Latest Visual perception Stories
The logo of the 1984 Los Angeles Olympics includes red, white and blue stars, but the white star is not really there: It is an illusion. Similarly, the "S" in the USA Network logo is wholly illusory.
People naturally assume the sense of sight takes in the world as it is, simply passing on what the eyes collect from light reflected by the objects around us. The truth is more complicated, however, as the eyes do not work alone.
A study in mice reveals an elegant circuit within the developing visual system that helps dictate how the eyes connect to the brain.
Scientists are developing a clearer picture of how visual systems develop in mammals.
By observing the eye movements of schizophrenia patients while playing a simple video game, a University of British Columbia researcher has discovered a potential explanation for some of their symptoms, including difficulty with everyday tasks.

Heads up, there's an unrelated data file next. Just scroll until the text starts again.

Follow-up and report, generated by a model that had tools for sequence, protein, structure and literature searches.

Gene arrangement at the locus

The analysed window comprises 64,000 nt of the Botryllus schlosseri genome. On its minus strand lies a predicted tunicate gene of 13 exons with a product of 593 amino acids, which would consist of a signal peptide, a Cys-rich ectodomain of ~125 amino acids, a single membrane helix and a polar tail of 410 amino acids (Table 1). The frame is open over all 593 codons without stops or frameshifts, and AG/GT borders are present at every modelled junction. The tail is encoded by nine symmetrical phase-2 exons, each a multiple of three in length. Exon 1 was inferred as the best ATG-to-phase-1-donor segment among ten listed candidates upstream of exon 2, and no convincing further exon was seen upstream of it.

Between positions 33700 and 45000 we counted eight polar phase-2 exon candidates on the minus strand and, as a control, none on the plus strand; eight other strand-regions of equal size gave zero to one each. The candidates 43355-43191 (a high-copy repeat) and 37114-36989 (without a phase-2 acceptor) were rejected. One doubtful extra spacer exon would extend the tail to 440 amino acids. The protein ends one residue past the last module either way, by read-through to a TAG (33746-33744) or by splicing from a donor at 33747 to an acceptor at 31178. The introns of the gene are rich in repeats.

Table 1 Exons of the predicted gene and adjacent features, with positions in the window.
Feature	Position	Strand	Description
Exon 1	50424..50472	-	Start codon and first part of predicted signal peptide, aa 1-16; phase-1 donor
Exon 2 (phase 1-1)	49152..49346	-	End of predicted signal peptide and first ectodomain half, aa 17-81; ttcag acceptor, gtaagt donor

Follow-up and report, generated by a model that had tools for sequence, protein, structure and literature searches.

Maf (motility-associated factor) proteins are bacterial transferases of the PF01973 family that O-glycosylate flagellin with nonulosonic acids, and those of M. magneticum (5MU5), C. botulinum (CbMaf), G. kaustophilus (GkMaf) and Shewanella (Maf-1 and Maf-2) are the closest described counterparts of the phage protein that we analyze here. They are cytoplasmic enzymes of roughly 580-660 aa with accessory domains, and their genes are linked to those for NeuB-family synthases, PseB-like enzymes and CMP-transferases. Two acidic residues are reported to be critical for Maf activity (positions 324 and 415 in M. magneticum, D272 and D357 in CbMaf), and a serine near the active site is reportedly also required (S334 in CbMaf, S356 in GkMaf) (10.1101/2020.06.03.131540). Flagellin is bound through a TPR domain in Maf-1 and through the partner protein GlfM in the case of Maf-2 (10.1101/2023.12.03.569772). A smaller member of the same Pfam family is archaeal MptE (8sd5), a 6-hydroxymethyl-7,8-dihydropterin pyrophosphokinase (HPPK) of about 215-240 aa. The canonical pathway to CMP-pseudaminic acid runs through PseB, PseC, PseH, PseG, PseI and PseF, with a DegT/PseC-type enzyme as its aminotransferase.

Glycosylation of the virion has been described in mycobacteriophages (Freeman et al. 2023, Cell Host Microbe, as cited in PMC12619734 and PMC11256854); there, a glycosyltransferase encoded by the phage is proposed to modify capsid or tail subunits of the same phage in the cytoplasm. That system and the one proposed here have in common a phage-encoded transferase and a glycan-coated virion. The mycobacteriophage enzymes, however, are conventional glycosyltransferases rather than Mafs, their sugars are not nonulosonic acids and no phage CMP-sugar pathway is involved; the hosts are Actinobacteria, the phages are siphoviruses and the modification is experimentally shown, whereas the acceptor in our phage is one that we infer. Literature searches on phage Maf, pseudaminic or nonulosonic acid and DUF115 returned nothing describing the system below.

Eye doctor for the Florida State University football team, Robert Orsillo, OD, measures vision training success with the Diopsys® NOVA-VEP Vision Testing System. Pine
Perceptual learning techniques may provide a useful new approach to rehabilitation in patients with central vision loss—taking advantage of visual plasticity that persists even in old age.
Over the millennia of human evolution, our brains developed a pattern of search based largely on environmental cues and scene context. It's an ability that has not only helped us find food and avoid danger in humankind's earliest days, but continues to aid us today, in tasks as banal as driving to work, or shopping; or as specialized as reading X-rays.
Cone receptors in the human eye lose their color sensitivity with age, but our subjective experience of color remains largely unchanged over the years.
Researchers from the University of California in Berkeley have finally pinpointed the area of the brain responsible for not only seeing fast-moving objects, but responding to them as well.
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